Research Affiliates: Forecasting Returns: Simple Is Not Simplistic

January 12, 2016

Key Points

  1. The first and most important step in constructing portfolios is selecting the best available model to forecast asset class returns.
  2. The performance of a modeling system is measured by how accurately it identifies undervalued asset classes, which when combined in a portfolio, consistently generate alpha over the investor's time horizon.
  3. A model's value is not deter­mined by its level of complexity, but by its forecasting ability.

"It is far better to foresee even without certainty than not to foresee at all."

–Henri Poincaré1

Another year, another body blow delivered by the market to "cheap" investments. One popular definition of cheap (i.e., value) has now underperformed growth on a total return basis for six of the last nine years. Can we blame the investor who is considering throwing in the towel, dropping to the canvas, and taking a 10 count on value strategies? Is it now time to leave the ring, sell value, and pick up the growth gloves, or is a better option to stay in the ring and buy even cheaper cheap assets? To make this important determination, a reliable expected returns model is a good referee.

The choice of model is important. After all, a model's forecasted return for an asset class is only as good as its structure, assumptions, and inputs allow it to be. In this article, we compare three models. Each can be classified as simple in contrast to the quite complex models used by many institutional investors. One of the three is the model used by Research Affiliates, which although simple has performed well, not only in terms of making long-term asset class forecasts, but in combining undervalued asset classes to build alpha-generating portfolios. This latter consideration is a prime attribute of a successful model.

The Rational Return Expectation

Let's begin our analysis with the return we should rationally expect from the investments we make. Whether an investor practices top-down asset allocation or bottom-up security selection, investing is about nothing more than securing cash flows at a reasonable price. After all, the price of an asset is simply the sum of its discounted cash flows, which can be affected by two forces: 1) changes in the cash flows and/or 2) changes in the discount rate. If the cash flows and discount rate remain constant over the holding period, the asset's value will remain the same throughout its life as on the day it was purchased. Therefore, it is a change in the cash flows and/or the discount rate that ultimately drives an asset's realized return over time, and the possibility of such changes that drives an asset's expected return over time.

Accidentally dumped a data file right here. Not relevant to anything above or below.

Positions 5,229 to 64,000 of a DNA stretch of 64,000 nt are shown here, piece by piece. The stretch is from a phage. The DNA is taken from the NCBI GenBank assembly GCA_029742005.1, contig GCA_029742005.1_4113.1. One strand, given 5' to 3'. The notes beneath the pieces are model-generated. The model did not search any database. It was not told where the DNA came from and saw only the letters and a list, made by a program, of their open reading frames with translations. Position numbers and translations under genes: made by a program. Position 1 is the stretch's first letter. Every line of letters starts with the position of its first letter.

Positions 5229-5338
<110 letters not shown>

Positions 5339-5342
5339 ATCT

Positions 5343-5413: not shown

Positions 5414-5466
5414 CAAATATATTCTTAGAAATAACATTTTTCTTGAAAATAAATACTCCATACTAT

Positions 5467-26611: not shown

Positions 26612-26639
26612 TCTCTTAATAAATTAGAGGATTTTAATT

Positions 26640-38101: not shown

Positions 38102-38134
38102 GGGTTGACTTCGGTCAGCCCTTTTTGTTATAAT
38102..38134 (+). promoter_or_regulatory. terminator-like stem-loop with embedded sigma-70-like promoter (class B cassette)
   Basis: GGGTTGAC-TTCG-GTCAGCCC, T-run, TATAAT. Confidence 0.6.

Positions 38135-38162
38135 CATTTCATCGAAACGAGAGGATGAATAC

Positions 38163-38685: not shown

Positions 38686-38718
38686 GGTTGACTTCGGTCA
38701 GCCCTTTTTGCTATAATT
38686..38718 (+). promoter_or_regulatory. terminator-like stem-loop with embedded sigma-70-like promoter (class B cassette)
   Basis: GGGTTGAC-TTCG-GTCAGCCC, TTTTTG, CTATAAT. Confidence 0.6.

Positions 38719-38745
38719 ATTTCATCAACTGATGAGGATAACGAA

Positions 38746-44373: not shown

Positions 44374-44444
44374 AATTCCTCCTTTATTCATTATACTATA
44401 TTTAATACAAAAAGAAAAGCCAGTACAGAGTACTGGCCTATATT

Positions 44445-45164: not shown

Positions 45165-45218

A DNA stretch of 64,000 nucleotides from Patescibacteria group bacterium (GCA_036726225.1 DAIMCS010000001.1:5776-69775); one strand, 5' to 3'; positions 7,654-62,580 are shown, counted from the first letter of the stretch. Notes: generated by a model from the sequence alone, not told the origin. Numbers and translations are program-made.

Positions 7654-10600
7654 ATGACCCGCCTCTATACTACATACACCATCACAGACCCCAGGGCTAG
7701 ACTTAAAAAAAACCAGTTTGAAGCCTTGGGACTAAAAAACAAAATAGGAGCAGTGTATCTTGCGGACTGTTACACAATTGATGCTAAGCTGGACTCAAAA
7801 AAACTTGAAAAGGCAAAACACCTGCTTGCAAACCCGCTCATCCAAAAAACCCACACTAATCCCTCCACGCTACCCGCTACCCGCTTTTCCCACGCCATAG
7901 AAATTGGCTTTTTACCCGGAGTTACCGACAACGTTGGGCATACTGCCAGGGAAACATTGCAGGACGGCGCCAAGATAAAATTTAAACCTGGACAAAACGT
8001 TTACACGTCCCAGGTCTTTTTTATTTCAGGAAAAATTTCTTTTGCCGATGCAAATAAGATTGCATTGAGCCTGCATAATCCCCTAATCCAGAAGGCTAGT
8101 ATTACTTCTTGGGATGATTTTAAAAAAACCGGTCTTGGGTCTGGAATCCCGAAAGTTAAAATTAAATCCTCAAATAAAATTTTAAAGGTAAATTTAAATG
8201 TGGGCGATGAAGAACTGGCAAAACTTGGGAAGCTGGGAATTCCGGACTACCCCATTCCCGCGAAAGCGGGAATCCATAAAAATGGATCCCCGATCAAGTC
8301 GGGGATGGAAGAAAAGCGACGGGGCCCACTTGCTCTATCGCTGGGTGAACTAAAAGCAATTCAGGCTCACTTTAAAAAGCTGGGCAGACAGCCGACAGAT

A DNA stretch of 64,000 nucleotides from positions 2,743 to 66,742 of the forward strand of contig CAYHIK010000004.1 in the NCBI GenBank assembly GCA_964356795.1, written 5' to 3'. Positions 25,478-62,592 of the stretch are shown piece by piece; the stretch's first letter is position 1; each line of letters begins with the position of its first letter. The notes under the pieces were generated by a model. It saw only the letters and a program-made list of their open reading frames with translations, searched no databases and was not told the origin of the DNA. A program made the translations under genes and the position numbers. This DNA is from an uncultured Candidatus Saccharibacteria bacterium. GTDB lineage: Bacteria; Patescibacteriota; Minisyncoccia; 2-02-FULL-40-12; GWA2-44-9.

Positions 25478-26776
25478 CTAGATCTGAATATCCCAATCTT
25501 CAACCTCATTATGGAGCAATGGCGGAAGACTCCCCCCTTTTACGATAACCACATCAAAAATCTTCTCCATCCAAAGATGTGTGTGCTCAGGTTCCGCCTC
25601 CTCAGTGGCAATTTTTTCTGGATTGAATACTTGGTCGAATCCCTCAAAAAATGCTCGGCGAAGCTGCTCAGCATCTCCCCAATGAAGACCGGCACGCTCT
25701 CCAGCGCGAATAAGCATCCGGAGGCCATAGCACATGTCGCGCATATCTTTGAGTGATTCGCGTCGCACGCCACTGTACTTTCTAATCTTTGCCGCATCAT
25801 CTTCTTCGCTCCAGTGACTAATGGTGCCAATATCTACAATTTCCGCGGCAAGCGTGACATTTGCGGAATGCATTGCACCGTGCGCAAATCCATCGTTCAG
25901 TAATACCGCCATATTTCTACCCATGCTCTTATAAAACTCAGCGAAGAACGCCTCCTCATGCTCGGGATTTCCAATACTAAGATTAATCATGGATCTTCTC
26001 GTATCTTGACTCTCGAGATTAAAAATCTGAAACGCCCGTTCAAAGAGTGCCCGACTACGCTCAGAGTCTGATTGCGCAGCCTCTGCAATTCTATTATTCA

As mentioned in the introduction, the implementer of a value strategy would have experienced a long string of annual negative returns over the past several years. Figure 1 illustrates quite vividly the disappointing returns associated with a U.S. equity value strategy compared with a U.S. equity growth strategy since 2007.

Simple Is Not Simplistic

For a larger view, please click on the image above.

Although this period of underperformance may be disheartening for many value investors, the precepts of finding, and then investing in, undervalued assets will, tautologically,2 be rewarded with outperformance in the long run. The question then becomes, does "cheap" mean undervalued?

To aid in answering this question, a variety of expected return models are available in the marketplace, including the model on the Research Affiliates website.3 From the first day we published our long-term expected returns on the site, we have received questions from clients and peers on the efficacy of our model. The question usually posed is: "What's the R2 of your expected return model for [insert favorite asset class here]?"4 Granted, it seems like a pretty obvious question, but we would argue it is actually not all that relevant. A better question, and the one we address here, is how our model compares with other commonly used models. Because investors need some method or modeling system to estimate forward returns, the issue is not just a matter of how "good" a single model is, but also how it compares to available alternatives; simply improving on the alternatives can be quite beneficial.


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